New Issue: Hong Kong bamboo carvings commemorated on six-stamp set

A set of special stamps celebrating historic bamboo carvings from Hong Kong Post’s ongoing “Museums Collection” was issued on Nov. 14, 2017.

It was the fifth set of special stamps from the postal service’s “Museums Collection,” which began in 2009 to showcase pieces from the art and cultural collections of local museums.

Characterized by its straight appearance, hollow core and tenacious strength, bamboo is often associated with noble, upright and virtuous Chinese literati; it has been used to symbolize gentlemen since ancient times. In the Ming and Qing dynasties, simple and elegant bamboo carvings won favour with intellectuals as scholarly accoutrements and table ornaments, and thus, bamboo carving was encouraged to flourish.


Bamboo carving is the art of engraving decorative patterns or illustrations on bamboo or carving decorative objects out of bamboo roots and rhizomes. Bamboo carvings can be broadly classified into two categories, namely “stem carving” and “root carving.”

In “stem carving,” bamboo stems are used as the carving materials and the finished artifacts are mainly brushpots, incense holders and scroll holders.

As for “root carving,” bamboo carvers make dexterous use of the different textures and forms of the roots or rhizomes and carve them into a vast array three-dimensional sculptures and decorative objects such as human and animal figurines.

Official first-day covers were also issued as part of the stamp set.


The set of special stamps features six bamboo carvings from the collection of the Hong Kong Museum of Art donated by Dr. Ip Yee (1921-84). Embossing and debossing have been employed in the printing of these stamps to accentuate the exquisite craftsmanship of each masterpiece, producing a strong three-dimensional effect.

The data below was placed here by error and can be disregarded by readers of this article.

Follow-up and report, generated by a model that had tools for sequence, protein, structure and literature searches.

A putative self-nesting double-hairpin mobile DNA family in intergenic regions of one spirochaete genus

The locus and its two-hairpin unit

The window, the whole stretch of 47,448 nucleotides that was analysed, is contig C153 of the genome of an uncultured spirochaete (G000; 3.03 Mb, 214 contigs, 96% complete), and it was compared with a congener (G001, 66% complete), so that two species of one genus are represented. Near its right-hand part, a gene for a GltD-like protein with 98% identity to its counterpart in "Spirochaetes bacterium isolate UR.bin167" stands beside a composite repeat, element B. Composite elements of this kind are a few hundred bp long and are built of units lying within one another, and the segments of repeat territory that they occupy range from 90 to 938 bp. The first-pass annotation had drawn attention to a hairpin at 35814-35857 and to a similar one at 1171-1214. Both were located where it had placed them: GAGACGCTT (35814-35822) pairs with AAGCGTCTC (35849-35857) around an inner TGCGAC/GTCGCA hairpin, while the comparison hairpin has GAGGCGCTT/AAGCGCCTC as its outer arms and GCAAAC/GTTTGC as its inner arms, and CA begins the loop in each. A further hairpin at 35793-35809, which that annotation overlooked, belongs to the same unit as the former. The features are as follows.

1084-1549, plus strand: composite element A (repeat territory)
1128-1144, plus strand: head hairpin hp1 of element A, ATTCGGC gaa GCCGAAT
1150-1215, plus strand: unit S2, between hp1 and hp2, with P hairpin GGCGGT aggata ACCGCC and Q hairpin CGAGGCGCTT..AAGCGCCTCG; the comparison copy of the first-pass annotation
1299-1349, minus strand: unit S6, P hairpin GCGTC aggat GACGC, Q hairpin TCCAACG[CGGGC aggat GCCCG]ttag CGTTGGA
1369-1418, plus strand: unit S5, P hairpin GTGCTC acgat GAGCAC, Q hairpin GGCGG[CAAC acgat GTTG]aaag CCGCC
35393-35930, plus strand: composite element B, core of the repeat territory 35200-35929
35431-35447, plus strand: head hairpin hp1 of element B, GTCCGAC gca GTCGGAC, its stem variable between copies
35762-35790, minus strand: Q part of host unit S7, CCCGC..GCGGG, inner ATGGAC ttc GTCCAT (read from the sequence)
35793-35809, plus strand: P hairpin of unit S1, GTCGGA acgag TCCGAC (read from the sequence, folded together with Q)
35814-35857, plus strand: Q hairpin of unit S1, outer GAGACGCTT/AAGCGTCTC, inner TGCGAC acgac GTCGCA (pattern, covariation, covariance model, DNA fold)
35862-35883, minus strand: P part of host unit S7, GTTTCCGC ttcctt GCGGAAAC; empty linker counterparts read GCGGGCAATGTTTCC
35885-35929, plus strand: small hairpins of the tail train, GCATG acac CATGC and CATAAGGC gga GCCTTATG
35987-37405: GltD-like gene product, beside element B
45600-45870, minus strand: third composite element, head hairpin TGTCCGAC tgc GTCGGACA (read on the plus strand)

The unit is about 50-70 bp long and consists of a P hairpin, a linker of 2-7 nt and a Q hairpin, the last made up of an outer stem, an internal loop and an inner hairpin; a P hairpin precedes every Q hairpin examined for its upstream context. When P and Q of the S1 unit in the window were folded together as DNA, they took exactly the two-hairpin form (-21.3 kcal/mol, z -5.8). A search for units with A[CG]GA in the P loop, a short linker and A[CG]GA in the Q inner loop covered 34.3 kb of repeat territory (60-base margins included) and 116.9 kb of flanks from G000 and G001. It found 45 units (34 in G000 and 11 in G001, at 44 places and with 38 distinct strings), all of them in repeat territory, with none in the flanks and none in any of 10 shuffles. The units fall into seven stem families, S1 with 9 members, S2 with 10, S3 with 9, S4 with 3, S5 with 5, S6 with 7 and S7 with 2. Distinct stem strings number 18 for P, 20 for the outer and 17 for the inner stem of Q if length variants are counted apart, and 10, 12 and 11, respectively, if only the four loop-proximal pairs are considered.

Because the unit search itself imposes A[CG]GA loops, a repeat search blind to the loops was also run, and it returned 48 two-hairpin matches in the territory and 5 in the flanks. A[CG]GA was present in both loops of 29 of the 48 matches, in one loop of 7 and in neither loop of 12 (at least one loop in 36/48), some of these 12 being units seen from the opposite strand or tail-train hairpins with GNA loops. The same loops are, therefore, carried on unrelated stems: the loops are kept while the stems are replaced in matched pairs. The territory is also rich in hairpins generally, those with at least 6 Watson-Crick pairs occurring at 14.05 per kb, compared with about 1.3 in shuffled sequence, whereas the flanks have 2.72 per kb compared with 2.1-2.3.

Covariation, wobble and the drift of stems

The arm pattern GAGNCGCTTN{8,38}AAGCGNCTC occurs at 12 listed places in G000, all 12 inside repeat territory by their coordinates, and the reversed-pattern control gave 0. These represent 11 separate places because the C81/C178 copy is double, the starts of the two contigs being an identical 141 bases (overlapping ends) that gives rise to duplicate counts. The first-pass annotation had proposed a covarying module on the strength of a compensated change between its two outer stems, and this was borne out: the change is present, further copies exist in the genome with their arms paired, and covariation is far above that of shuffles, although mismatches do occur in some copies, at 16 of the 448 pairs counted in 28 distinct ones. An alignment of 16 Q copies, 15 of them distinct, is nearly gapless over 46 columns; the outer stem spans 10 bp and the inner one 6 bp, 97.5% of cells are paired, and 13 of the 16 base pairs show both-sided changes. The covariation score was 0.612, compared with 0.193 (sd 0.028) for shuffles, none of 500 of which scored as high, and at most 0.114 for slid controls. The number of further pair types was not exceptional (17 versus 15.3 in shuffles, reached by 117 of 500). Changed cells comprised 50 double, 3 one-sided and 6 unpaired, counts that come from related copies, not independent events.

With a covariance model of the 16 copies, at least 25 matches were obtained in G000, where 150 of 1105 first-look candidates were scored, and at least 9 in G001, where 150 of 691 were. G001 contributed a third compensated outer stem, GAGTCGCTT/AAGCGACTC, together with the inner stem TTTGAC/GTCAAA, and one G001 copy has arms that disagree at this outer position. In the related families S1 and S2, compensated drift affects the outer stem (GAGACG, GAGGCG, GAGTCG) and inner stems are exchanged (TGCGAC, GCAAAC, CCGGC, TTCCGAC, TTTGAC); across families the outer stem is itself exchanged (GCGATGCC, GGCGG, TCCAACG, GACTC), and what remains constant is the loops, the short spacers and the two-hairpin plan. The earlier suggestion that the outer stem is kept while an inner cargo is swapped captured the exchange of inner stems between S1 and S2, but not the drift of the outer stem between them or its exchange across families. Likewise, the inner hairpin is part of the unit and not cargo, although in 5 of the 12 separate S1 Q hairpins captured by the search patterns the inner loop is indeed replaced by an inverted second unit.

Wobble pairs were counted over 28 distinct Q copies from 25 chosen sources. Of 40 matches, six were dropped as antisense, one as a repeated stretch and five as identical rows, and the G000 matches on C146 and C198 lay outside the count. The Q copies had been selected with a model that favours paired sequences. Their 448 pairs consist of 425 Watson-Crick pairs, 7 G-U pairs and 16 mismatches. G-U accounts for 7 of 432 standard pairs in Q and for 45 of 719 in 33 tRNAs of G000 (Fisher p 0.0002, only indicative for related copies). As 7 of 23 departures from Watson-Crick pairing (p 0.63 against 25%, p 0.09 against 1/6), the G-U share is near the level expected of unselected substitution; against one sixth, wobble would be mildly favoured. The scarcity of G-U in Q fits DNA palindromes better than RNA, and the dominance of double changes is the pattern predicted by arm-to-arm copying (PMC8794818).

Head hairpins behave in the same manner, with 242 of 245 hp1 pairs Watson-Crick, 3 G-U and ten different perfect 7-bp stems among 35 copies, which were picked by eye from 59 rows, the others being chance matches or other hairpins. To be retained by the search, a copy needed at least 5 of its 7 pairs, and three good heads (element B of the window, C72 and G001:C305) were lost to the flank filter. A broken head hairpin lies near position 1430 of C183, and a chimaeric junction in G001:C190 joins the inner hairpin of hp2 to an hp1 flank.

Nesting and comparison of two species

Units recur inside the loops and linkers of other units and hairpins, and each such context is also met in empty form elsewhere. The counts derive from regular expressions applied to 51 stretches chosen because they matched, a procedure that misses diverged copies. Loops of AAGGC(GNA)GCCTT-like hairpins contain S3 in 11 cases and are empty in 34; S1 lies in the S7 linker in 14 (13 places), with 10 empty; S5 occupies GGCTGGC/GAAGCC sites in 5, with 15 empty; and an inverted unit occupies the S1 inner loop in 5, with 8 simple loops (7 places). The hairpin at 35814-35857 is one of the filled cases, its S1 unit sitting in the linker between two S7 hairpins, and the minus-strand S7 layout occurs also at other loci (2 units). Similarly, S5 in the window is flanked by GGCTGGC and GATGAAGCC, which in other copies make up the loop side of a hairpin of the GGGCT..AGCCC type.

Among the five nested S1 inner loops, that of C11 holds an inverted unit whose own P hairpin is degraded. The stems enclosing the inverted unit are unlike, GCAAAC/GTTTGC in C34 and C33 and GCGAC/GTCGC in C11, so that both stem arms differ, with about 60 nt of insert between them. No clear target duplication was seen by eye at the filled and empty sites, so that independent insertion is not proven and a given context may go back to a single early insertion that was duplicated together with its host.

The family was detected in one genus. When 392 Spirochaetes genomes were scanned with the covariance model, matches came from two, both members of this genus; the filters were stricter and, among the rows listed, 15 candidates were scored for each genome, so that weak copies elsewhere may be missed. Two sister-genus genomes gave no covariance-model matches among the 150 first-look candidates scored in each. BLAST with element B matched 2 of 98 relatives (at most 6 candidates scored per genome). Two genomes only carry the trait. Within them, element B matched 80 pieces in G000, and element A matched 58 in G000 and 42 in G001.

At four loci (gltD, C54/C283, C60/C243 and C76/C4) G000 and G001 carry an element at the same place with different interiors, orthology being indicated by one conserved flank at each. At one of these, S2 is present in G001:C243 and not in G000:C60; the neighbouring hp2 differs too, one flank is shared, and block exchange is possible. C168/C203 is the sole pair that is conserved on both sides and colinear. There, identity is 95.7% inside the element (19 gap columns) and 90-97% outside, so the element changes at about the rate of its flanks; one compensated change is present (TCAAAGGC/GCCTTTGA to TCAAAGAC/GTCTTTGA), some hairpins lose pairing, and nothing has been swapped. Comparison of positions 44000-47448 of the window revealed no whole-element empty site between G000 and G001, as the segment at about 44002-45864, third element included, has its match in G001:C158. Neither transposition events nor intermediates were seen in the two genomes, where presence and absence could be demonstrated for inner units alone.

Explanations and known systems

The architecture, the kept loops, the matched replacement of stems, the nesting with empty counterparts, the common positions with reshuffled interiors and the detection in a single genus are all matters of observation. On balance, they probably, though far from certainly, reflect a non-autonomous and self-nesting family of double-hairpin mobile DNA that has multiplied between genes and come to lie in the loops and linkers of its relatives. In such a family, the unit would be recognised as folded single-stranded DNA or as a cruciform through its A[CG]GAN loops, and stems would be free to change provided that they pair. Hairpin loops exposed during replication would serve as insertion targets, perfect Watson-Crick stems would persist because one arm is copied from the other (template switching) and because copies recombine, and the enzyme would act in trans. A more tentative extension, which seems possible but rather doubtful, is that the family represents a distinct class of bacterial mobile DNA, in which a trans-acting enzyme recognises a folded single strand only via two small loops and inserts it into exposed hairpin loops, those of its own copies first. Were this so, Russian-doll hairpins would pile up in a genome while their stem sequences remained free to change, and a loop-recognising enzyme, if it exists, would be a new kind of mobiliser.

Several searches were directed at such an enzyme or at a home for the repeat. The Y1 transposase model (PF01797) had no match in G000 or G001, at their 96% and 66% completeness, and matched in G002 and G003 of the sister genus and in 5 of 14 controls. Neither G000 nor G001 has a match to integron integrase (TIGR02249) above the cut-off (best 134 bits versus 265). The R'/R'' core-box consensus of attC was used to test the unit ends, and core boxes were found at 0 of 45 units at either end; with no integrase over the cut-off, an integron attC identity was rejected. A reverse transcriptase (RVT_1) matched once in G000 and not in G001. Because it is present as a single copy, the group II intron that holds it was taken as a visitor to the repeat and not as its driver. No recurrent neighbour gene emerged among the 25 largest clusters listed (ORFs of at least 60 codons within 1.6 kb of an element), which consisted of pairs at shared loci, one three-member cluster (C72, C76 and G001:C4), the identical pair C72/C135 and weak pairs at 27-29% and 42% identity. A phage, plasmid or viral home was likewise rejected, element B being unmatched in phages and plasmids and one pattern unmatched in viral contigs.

• $1.70 – Cricket cage carved with flowers & insects in liuqing low relief, a plaything carved by XU Subai in 1959.
  • $2.20 – Lingzhi fungus and narcissus carved in the round, a decorative object from the Yongzheng period of the Qing dynasty.
  • $2.90 – Brushpot carved with the scene of “Night Visit to the Red Cliff” in high relief, a scholarly accessory from the 18th century.
  • $3.10 – Incense holder carved with a lady reading a letter in secret in openwork, an incense burning tool from the late 17th century to the early 18th century.
  • $3.70 – Water container with plum branches carved in the round, a scholarly accoutrement from the Kangxi period of the Qing dynasty.
  • $5  – Jar carved with kui-dragon and animal masks in low relief, a decorative piece from the Qianlong period of the Qing dynasty.

The stamps were designed by Shirman LAI and printed in lithography plus embossing and debossing by Cartor Security Printing, of France. Official first-day covers were also issued.

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